On the same street as the Estate is the Washington Street Mall, a pedestrian shopping district that’s great for people watching and ice cream eating. Independently owned boutiques here sell beachwear, play things (think: kites, frisbees, beach balls), books, salt water taffy and housewares. Some of the town’s most popular bars and casual dining restaurants are here, too. The Ugly Mug is a particular favourite, draped in seaside paraphernalia and great for catching local bands. The Mall also serves as a pick-up stop for a variety of carriage rides and trolley tours “” offered throughout the day and evening “” that can give you an overview of historic hotspots.
Of course, you’ll want to make time for a seaside stroll along the town’s celebrated promenade. A bevy of shops and eateries front this two-mile walk, and others spill over to side streets. The long white-sanded beach is packed in the summer with swimmers, surfers and sun worshippers. Further down the promenade, the recently renovated Rusty Nail is a great surfer bar that features a lively outdoor scene with fire pits and picnic tables, and an extensive selection of beers and cocktails.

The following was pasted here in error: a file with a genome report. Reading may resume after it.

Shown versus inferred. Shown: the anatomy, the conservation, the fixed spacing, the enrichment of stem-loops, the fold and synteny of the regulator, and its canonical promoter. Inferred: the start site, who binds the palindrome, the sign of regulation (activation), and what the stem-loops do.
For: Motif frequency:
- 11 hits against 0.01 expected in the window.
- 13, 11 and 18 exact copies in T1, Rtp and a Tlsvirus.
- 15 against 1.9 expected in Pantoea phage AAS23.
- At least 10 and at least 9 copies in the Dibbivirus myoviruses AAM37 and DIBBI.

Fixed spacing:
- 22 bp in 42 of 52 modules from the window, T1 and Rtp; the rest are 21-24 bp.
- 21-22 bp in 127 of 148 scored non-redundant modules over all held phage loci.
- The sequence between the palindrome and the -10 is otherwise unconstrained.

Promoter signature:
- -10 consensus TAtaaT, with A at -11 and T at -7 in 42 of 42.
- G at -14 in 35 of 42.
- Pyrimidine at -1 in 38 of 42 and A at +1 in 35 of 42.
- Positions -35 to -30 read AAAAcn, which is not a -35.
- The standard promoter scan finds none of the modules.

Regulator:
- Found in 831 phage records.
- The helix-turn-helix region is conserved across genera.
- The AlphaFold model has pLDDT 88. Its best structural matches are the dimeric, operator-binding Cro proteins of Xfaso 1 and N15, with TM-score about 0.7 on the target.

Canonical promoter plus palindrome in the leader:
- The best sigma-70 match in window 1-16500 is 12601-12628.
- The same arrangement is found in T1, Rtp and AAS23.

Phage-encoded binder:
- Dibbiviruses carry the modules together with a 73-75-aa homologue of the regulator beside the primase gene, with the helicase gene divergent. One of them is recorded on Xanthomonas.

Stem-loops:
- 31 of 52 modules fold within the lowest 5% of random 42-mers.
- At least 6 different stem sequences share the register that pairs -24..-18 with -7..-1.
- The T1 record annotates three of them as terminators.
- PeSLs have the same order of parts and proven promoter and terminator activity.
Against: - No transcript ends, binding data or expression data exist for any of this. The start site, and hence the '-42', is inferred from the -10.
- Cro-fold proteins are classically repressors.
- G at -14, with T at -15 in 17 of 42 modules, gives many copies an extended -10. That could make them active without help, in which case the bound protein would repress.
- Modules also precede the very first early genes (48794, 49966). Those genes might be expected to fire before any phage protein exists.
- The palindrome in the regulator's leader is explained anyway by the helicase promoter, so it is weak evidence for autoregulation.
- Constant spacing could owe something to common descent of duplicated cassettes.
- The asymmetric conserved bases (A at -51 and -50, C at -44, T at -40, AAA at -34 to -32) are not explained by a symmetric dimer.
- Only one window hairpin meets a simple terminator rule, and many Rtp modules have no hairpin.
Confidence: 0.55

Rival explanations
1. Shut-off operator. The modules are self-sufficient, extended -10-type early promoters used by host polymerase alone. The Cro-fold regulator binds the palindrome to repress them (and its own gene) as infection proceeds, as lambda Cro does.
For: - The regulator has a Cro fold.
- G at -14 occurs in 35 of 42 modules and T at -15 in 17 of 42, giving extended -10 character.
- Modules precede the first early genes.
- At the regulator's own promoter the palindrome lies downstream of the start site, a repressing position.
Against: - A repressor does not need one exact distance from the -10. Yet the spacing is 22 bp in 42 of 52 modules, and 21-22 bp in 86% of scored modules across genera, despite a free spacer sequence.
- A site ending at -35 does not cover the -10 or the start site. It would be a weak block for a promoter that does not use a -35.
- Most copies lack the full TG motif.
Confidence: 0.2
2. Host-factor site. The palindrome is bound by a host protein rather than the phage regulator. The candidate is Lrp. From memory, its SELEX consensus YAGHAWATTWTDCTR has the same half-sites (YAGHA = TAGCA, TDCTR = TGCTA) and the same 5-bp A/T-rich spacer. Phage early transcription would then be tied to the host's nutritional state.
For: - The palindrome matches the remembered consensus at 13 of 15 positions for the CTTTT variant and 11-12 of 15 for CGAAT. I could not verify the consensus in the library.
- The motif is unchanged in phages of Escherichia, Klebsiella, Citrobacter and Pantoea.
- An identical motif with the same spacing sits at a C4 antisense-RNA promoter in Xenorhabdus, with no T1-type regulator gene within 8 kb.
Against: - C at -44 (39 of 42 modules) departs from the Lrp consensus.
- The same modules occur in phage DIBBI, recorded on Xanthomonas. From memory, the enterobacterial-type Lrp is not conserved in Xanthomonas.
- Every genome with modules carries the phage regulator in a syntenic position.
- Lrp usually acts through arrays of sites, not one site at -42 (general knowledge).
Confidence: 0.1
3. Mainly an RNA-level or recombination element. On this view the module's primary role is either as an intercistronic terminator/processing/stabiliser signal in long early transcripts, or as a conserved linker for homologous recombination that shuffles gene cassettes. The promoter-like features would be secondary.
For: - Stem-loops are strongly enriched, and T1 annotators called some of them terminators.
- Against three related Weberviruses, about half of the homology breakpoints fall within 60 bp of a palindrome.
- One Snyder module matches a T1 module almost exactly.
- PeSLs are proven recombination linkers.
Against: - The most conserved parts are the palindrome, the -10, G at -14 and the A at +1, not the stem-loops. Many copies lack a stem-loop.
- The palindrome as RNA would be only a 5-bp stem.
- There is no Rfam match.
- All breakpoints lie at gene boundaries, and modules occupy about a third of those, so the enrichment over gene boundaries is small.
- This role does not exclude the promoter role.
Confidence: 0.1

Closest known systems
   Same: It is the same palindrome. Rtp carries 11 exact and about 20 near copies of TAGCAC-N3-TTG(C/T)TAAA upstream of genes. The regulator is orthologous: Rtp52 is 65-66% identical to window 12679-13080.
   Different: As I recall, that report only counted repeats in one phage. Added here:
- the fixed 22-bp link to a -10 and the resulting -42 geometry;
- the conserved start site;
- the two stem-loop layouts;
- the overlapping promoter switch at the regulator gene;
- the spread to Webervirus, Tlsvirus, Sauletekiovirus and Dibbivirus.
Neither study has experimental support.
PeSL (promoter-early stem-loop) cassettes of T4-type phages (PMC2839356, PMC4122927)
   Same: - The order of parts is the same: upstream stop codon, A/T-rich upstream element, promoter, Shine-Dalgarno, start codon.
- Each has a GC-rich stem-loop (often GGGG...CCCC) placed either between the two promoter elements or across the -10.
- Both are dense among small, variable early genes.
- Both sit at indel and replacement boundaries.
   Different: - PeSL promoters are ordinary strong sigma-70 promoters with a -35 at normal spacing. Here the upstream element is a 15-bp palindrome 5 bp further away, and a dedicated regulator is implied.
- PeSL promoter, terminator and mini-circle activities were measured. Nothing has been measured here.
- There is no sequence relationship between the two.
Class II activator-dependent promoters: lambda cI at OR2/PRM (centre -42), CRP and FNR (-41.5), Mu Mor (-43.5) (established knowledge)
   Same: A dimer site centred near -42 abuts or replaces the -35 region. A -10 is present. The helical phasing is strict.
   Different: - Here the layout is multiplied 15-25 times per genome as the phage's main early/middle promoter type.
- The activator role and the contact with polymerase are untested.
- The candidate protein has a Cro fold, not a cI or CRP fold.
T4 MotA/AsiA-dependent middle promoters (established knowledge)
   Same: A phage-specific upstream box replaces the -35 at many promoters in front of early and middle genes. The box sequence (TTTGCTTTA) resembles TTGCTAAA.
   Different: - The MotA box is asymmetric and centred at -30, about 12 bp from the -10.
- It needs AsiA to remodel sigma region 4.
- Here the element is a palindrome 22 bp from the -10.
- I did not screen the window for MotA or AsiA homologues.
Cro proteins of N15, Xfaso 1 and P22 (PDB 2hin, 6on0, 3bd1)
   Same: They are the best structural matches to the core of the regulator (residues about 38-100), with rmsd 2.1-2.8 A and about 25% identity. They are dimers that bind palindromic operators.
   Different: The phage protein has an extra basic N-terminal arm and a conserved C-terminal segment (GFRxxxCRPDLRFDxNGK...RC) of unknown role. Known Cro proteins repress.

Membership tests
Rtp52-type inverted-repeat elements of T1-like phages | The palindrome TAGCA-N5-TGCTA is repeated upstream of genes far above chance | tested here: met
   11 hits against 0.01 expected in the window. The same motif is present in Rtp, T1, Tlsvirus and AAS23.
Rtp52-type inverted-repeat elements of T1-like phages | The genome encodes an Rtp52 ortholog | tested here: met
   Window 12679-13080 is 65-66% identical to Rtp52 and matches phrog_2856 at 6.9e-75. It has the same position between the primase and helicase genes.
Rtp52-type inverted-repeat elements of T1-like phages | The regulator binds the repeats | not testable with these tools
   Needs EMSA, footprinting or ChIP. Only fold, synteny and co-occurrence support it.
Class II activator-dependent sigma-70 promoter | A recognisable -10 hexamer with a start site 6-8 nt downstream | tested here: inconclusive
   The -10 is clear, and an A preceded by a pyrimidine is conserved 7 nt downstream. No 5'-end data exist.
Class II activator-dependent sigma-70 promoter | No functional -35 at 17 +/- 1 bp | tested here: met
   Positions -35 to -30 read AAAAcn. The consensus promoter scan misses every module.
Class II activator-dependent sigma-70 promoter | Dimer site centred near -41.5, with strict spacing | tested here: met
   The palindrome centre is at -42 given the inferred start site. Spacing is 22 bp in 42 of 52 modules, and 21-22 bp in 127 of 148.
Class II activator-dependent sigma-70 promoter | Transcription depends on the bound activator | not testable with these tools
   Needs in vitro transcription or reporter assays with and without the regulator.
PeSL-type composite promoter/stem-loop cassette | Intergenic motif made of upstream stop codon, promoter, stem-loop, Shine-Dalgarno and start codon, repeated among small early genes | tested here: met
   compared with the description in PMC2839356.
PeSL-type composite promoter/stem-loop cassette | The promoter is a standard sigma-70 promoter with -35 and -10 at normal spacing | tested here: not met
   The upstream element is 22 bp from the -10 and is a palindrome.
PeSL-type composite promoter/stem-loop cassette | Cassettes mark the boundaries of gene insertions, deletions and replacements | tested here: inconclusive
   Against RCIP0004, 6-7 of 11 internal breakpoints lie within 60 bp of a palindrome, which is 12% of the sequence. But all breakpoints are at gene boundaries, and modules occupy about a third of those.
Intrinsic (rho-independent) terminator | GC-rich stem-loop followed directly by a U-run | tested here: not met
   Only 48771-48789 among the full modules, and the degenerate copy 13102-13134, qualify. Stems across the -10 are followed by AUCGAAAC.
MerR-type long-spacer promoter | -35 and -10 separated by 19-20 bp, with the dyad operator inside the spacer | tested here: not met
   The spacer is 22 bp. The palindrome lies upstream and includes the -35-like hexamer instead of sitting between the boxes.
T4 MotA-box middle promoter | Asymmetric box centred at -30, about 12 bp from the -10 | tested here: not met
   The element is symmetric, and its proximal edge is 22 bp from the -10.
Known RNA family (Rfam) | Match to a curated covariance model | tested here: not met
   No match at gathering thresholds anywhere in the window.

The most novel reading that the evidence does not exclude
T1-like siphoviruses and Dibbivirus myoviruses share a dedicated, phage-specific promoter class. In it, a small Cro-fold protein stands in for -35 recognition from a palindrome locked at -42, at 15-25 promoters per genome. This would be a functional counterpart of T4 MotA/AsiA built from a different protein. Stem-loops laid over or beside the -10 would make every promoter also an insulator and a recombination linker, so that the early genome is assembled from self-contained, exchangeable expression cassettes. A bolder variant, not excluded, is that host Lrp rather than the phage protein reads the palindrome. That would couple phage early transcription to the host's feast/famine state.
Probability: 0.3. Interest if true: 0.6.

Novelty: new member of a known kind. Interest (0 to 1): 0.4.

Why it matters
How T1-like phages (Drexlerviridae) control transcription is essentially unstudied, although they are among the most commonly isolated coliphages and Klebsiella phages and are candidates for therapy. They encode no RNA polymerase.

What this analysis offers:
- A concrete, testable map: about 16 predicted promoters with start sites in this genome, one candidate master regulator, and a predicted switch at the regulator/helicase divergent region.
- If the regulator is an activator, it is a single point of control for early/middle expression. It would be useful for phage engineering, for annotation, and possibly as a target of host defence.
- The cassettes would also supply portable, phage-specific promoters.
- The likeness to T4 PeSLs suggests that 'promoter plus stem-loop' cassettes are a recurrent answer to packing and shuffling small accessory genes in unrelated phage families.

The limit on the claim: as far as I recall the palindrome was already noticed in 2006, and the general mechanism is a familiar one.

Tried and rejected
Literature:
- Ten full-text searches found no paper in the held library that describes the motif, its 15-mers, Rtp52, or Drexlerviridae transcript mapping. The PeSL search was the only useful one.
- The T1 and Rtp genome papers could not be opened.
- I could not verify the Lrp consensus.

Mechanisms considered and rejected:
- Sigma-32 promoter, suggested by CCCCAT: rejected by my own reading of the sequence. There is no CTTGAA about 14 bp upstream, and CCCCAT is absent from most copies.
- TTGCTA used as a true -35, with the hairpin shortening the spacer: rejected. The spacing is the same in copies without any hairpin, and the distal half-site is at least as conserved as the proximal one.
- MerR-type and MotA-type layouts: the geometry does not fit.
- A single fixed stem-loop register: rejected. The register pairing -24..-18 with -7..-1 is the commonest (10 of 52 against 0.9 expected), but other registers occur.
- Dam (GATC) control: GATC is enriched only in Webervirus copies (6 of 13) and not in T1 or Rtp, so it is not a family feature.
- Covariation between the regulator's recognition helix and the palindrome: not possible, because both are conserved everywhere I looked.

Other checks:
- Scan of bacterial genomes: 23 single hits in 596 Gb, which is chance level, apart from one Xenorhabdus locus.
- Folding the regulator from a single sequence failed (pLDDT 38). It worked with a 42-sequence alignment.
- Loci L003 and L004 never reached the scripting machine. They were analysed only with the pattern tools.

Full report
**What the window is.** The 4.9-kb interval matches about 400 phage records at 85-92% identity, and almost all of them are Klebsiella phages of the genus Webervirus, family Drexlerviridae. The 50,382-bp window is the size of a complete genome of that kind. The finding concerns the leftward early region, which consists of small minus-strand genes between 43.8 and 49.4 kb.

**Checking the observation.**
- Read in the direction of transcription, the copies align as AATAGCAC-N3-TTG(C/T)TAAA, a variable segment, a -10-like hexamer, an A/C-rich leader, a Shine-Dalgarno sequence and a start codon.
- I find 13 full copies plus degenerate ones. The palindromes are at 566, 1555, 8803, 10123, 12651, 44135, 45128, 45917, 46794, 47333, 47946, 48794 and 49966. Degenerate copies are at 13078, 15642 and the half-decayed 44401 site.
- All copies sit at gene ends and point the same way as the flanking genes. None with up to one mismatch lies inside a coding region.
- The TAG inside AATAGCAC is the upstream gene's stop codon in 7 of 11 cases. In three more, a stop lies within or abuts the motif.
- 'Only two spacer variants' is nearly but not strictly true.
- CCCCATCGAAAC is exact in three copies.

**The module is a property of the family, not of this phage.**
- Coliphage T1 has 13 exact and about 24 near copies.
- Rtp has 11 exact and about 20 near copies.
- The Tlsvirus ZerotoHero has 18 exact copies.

As the day winds down, time your visit to Sunset Beach to join the crowds that gather as the big red beach ball in the sky sinks below the horizon. Before the sun sets, rummage through the sand for some “Cape May diamonds,” glittering quartz pebbles found amidst the sand here, and check out the remains of the S.S. Atlantus, a World War I-era ship made of concrete that ran aground here after it was brought to the site to be used as a ferry dock.
There’s so much to do that you’ll want to make a weekend of your visit, especially if you’re keen to get up early and indulge in some of what’s been called America’s best bird-watching (migratory water species are a particular strength). Staying at a Victorian bed and breakfast like The Abbey or old world resort like The Chalfonte is an essential part of the Cape May experience.